The July/August issue of Drug Development and Delivery has an extensive report on the business and science of formulation and drug delivery. The report is based on the data in the PharmaCircle database.
The report is divided into various “Top Ten” categories, such as Ten Notable Drug Delivery Technologies of 2014, Transactions, etc., etc.
The report is rather lengthy, and we recommend a closer read (a free PDF version is available if you are not already a subscriber).
Based on our read, here are few items are of interest:
Just Because You Can…: Drug delivery and reformulation is like a pallet of innumerable colors. Give a good drug delivery expert a drug and he can come up with any number of ways to deliver that drug, or to enhance its PK profile.
However, just because something like this can be done does not mean that it should be done. In other words, not every reformulation or drug delivery play has a solid commercial rationale behind it.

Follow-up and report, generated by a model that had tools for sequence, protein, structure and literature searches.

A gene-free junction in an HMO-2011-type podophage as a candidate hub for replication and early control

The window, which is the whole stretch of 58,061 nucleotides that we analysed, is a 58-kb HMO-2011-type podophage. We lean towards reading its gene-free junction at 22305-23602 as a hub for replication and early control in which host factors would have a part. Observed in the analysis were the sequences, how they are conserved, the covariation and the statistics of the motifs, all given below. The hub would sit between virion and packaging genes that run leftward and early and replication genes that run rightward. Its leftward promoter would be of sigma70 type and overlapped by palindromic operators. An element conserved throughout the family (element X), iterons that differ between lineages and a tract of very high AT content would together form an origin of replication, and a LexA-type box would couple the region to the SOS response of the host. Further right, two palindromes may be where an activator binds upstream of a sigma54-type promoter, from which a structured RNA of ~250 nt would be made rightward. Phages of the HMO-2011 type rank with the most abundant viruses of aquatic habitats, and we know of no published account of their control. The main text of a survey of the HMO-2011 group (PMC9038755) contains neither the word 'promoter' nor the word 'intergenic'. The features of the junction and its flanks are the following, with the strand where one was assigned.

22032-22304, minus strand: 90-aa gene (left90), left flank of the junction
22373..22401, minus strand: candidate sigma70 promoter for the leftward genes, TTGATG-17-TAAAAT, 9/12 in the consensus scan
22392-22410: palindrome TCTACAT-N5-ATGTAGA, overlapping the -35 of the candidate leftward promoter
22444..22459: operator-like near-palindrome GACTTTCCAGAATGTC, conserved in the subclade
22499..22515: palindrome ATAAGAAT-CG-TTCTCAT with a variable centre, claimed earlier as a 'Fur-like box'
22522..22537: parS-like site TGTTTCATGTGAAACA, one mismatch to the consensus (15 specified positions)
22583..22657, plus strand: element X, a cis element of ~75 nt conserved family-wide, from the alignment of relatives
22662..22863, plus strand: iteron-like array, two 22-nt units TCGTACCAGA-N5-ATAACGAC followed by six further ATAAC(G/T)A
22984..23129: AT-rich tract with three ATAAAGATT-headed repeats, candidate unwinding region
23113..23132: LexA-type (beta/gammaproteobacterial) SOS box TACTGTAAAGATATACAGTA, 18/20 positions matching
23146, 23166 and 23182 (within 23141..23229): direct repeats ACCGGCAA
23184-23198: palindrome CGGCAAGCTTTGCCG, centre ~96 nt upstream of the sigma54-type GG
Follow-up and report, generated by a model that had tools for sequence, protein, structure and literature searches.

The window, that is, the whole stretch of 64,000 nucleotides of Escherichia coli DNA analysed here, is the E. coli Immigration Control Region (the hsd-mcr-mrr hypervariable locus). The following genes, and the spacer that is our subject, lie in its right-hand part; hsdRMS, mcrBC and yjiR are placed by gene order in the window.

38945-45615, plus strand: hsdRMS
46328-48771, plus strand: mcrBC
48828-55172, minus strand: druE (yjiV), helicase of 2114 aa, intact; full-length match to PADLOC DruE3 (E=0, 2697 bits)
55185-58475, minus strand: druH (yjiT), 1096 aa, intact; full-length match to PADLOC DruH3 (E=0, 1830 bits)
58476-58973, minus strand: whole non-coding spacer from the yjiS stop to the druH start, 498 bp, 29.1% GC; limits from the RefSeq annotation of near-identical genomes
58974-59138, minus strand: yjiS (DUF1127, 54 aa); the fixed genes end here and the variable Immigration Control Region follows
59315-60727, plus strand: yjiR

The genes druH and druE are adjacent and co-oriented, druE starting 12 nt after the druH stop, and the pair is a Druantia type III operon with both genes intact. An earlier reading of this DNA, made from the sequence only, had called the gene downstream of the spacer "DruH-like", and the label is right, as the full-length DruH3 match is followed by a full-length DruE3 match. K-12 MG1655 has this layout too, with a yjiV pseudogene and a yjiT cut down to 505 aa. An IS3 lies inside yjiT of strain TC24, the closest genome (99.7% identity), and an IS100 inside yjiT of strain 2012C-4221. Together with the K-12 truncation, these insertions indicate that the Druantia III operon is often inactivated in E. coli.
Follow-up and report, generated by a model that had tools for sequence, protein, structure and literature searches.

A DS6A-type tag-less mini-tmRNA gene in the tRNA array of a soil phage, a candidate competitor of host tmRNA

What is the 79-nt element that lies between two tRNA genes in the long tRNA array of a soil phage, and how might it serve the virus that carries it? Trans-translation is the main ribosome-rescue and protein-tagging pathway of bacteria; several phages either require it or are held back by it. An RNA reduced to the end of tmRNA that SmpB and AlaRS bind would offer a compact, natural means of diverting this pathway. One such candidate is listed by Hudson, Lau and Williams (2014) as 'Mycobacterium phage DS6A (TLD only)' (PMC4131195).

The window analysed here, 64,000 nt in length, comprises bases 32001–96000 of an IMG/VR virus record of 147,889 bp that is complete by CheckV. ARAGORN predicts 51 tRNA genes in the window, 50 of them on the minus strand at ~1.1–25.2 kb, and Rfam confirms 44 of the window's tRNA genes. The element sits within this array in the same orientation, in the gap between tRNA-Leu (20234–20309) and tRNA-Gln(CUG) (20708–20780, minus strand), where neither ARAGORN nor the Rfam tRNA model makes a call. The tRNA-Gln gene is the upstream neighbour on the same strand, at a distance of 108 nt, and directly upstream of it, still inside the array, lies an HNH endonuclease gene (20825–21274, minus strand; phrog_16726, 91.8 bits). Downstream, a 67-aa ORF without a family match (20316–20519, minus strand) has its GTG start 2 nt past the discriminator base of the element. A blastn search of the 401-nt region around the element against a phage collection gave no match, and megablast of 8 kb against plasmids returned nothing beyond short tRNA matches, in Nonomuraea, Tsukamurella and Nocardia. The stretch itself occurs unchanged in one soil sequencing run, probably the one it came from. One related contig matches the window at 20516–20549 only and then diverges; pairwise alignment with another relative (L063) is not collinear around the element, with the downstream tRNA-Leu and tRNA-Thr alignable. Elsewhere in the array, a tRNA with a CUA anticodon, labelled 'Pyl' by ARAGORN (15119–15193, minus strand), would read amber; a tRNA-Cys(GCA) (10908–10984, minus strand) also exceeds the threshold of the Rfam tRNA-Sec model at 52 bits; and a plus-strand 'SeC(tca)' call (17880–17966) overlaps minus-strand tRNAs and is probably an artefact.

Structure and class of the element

The authors of this report note a few examples where it will be a challenge for some companies to generate significant sales, even with an approved product in hand.
Big Pharma Is Here To Stay: While our industry’s press is obsessed with the success and “flops” of new chemical entities, Big Pharma is very well represented in this report.
Scanning the pages, companies such as Roche, GSK, Biogen, and many others are represented.
In many cases, these multinational companies are using drug delivery technologies as line extensions. But for some, technologies represent new, novel ways to develop new products that fit specific markets.
Conversely, the authors note that small companies who develop products without market experience do so at their own peril.
Convenience…With PE Benefits: One of the criticisms of drug delivery and reformulation is that the only benefit is patient convenience.
This may be true in some cases, but we should also consider that convenience can increase compliance, and hence improve therapeutic benefits.
The authors have found several instances where delivery technologies provide an economic benefit as well, such as Amgen’s Neulasta Delivery Kit.
Again, the report makes for some interesting reading, and is a reminder of the benefits (and challenges) faced by companies in the drug delivery sector of our industry.